My argument is that there will be those that love MMA and those who hate MMA, in the same way that there are those that love football and those that hate football. This is inevitable. Currently however, the sport of MMA is being dismissed by those that know nothing about it. Rugby players take to the pitch week after week, charging into each other trying to land the biggest tackle (I’m also a big rugby fan by the way), often resulting in injury and sightings of blood, yet this goes largely unmentioned. It is seen as merely an occupational hazard of a rugby player. Why then in MMA is that not also the case? Why is MMA more barbaric than raking somebody on the bottom of a ruck or dump tackling them unnecessarily?
In the NFL and other sports, there are enormous issues with concussions. Their seriousness has not been fully appreciated until now and the long term damage to those that played through them has been tragic. Still, there are cases of people playing through concussion, whether due to being due to feeling a responsibility to their team or any other reason. In the UFC, when somebody is knocked out, regardless of the severity, the fighter receives an automatic 90 day medical suspension from any physical contact. After this 90 days, they must be cleared by a doctor before being able to fight again. Medical suspensions are handed out to all fighters by a doctor after a fight of varying lengths depending on damage sustained. When Anderson Silva broke his leg last month in the Octagon, the surgeon was present at ring side and arranged for immediate transportation to the hospital. Two hours later He was operating on the past champion. That is how the UFC conduct medical procedure. The UFC often pay for fighters’ surgeries and medical help from their own pocket. You are bound to see some blood at an MMA event, yet this will likely be due to surface cuts of no significance. The UFC still maintains a record of never having sustained a death or serious injury, unlike rugby and boxing.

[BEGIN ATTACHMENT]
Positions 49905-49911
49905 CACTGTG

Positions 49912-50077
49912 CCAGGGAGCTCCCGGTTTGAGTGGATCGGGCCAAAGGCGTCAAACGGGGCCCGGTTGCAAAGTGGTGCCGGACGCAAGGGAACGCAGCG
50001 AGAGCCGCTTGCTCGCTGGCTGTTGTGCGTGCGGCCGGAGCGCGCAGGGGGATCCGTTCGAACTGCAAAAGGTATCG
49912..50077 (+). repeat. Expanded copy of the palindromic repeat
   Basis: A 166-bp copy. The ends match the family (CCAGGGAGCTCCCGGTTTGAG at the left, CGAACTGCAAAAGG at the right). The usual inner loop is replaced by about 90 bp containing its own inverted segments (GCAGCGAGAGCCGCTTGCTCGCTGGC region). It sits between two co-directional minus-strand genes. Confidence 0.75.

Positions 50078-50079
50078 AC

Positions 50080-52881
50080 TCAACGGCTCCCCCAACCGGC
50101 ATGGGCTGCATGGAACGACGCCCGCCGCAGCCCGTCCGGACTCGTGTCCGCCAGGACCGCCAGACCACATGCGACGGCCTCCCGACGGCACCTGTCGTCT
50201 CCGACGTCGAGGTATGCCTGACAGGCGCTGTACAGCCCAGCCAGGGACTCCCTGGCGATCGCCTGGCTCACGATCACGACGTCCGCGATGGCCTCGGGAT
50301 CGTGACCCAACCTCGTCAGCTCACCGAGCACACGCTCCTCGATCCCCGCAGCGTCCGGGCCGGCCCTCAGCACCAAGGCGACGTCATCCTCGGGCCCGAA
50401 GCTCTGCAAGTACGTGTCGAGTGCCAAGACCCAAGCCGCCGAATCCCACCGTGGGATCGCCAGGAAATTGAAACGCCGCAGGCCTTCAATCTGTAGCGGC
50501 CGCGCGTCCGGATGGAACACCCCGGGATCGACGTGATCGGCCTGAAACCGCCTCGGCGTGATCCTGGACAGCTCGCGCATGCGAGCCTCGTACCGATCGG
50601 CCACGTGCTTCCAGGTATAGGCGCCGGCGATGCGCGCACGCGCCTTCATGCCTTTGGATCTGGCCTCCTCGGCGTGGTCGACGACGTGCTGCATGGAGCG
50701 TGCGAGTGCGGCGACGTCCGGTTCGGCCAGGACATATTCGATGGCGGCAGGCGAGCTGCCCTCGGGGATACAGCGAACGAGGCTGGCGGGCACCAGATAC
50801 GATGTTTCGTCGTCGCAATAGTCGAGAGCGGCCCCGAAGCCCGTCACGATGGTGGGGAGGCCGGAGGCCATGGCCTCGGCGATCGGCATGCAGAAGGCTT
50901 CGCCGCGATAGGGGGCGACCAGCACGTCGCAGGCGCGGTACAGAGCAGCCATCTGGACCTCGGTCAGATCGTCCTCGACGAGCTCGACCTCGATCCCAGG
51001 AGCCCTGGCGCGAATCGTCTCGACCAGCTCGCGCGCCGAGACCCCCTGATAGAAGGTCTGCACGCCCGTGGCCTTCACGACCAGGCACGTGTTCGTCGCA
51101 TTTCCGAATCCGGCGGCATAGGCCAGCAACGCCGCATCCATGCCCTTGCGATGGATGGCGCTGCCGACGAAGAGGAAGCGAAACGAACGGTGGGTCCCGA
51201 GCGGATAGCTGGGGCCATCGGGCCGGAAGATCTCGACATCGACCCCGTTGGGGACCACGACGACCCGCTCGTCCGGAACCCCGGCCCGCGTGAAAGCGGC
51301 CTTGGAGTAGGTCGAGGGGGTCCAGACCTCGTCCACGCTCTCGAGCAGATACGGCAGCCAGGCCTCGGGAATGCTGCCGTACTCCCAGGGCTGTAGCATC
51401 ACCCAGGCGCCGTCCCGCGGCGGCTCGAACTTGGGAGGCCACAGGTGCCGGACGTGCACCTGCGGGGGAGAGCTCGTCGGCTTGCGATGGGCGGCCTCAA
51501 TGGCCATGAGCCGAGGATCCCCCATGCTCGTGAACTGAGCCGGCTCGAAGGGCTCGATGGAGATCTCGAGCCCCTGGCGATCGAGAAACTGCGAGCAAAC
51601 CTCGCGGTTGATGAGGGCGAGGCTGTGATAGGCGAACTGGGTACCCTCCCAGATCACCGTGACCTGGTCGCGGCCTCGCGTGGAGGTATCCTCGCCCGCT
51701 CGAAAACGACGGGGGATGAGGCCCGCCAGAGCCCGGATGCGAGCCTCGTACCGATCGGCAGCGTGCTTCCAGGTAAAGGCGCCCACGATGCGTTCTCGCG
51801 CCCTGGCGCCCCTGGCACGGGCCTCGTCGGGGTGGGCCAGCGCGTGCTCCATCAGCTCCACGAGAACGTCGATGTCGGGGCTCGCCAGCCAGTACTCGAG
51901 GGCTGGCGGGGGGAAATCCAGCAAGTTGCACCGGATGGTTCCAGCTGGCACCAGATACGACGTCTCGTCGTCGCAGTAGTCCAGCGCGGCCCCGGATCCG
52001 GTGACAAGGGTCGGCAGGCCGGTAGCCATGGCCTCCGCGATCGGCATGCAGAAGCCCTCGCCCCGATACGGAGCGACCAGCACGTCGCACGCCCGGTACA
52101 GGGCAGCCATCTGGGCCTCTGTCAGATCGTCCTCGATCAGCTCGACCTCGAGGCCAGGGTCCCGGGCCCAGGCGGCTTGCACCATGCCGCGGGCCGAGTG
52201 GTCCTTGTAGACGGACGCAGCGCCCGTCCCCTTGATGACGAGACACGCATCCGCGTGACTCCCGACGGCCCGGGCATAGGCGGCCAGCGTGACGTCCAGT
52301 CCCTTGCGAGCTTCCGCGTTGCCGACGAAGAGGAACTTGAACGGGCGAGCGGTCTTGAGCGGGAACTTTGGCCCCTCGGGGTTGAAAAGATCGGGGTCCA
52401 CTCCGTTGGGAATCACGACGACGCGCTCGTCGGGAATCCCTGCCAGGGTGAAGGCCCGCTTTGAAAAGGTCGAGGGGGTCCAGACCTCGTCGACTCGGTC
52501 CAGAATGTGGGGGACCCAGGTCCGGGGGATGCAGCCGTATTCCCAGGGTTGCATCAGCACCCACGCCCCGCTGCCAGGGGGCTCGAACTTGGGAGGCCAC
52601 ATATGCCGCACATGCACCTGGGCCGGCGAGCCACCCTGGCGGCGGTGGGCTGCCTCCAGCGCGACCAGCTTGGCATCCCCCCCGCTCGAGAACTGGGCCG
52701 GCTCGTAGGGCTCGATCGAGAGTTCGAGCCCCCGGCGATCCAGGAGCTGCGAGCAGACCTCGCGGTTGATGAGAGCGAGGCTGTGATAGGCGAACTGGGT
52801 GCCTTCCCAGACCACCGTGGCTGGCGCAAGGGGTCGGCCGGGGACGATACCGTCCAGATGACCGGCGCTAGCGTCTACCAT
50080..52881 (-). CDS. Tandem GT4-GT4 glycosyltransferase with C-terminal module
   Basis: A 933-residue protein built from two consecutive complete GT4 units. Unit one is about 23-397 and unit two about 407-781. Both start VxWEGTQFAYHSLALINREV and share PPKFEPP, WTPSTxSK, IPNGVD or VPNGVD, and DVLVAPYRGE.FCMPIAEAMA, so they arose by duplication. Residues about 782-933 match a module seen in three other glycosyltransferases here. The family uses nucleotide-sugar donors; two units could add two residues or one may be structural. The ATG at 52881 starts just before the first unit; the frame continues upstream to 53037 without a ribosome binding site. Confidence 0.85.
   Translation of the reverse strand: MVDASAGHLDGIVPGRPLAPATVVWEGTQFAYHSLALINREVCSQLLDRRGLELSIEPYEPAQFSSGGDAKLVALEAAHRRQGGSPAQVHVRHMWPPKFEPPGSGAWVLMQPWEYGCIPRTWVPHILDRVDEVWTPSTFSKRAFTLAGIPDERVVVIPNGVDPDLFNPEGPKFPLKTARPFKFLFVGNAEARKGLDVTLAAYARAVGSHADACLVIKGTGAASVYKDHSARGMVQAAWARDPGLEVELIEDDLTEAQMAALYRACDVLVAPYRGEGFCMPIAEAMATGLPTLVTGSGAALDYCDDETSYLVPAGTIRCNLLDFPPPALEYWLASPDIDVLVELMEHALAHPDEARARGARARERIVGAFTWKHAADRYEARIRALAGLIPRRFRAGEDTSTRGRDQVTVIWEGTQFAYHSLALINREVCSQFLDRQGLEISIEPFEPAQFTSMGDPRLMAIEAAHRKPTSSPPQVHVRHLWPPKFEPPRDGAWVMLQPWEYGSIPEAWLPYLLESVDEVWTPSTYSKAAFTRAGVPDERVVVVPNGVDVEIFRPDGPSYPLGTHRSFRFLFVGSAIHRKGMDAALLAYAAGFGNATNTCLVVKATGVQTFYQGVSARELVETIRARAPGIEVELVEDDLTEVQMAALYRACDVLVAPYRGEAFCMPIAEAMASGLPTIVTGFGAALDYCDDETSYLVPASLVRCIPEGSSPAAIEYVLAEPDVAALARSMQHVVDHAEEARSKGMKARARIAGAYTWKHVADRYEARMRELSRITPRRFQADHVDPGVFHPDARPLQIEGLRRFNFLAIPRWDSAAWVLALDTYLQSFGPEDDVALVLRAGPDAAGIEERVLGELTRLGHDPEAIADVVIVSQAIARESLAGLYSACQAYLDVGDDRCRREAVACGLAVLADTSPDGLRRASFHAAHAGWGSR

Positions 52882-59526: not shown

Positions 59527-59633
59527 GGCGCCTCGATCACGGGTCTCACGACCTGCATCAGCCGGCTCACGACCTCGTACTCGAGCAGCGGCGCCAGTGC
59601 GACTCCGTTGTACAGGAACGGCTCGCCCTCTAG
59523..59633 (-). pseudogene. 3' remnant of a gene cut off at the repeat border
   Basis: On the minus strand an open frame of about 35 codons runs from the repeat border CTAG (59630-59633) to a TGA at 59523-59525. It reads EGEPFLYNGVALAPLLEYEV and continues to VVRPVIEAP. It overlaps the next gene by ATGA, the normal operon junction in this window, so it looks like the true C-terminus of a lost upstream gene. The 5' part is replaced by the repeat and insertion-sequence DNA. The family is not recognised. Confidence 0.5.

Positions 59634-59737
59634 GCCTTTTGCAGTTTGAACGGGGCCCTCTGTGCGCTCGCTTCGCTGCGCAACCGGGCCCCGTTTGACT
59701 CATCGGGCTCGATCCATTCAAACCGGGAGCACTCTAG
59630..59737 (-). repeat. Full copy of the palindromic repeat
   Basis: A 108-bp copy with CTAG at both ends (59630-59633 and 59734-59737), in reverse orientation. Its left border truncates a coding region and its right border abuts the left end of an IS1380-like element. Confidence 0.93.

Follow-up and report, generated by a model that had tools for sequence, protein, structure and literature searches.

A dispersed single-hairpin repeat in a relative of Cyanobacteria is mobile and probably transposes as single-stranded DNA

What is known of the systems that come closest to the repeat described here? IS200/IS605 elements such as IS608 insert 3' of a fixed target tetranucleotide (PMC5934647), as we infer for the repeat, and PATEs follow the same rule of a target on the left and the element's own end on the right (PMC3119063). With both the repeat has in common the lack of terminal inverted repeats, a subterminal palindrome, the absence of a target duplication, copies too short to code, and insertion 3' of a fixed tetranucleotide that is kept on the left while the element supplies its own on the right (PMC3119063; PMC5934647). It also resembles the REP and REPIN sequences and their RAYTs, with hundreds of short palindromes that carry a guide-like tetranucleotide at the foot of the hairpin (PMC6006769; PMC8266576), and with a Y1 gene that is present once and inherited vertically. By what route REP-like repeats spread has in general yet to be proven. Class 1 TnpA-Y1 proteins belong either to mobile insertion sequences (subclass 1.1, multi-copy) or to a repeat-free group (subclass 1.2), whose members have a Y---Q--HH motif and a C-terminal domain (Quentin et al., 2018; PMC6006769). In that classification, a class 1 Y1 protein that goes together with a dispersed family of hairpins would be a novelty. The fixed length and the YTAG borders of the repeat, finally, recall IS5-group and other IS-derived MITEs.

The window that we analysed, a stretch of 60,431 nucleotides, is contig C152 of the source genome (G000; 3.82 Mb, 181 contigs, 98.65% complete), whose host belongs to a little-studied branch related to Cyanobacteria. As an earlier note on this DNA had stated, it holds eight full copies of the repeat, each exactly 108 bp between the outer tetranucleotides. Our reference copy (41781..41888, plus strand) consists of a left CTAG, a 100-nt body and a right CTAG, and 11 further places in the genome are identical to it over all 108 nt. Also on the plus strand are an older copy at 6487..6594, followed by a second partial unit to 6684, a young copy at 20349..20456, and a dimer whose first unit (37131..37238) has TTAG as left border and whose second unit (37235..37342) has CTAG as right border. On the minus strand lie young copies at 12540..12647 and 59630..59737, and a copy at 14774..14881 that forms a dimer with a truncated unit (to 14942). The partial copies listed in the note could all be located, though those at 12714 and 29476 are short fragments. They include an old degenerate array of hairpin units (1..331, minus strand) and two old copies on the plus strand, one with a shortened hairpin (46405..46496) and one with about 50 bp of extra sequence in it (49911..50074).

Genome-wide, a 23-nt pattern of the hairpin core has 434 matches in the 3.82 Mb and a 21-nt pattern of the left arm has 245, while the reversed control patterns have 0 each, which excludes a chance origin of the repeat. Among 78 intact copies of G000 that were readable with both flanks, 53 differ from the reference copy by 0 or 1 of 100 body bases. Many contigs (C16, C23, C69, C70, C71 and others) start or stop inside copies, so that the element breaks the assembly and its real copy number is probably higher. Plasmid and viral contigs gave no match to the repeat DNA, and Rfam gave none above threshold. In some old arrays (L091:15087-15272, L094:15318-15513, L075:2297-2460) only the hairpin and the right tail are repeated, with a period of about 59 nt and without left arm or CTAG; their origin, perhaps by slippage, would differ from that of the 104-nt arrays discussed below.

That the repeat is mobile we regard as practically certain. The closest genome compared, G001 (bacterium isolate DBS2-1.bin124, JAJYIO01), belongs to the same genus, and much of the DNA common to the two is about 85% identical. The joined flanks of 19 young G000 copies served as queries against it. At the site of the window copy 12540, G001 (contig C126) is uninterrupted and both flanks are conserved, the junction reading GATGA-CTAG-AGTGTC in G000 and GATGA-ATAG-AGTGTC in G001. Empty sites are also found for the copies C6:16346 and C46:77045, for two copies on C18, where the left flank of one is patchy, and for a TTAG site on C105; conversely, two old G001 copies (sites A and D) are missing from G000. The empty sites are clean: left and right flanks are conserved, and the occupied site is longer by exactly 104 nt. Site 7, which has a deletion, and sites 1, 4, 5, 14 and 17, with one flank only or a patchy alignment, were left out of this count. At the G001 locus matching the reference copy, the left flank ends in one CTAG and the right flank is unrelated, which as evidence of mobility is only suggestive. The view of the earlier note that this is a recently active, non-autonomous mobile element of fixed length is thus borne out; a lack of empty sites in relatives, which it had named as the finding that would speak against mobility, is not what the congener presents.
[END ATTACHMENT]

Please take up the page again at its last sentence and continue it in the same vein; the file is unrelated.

It is also a common misconception to think that the small 4oz gloves worn by MMA fighters make the sport more barbaric. Boxing gloves are not there to protect the one being punched, but are in fact there to protect the hand of the puncher. The human hand is far weaker and more vulnerable than the head. With more protection and padding to the hand, the puncher is able to punch harder, not softer, with the concussive damage being more and not less.
We are in an age where so many youngsters look up to footballers who too often set horrific examples, whilst getting paid astronomical sums of money (I’m also a huge football fan). Conversely, MMA fighters are disciplined and respectful, yet are unfairly looked at by so many as being barbaric thugs. They are not street fighters, they are martial artists. The skills and techniques utilised in MMA take years to learn and an enormous amount of dedication to perfect. Whilst you might not like or want to watch MMA, it is time the sport is respected. It is time the nonsense stopped.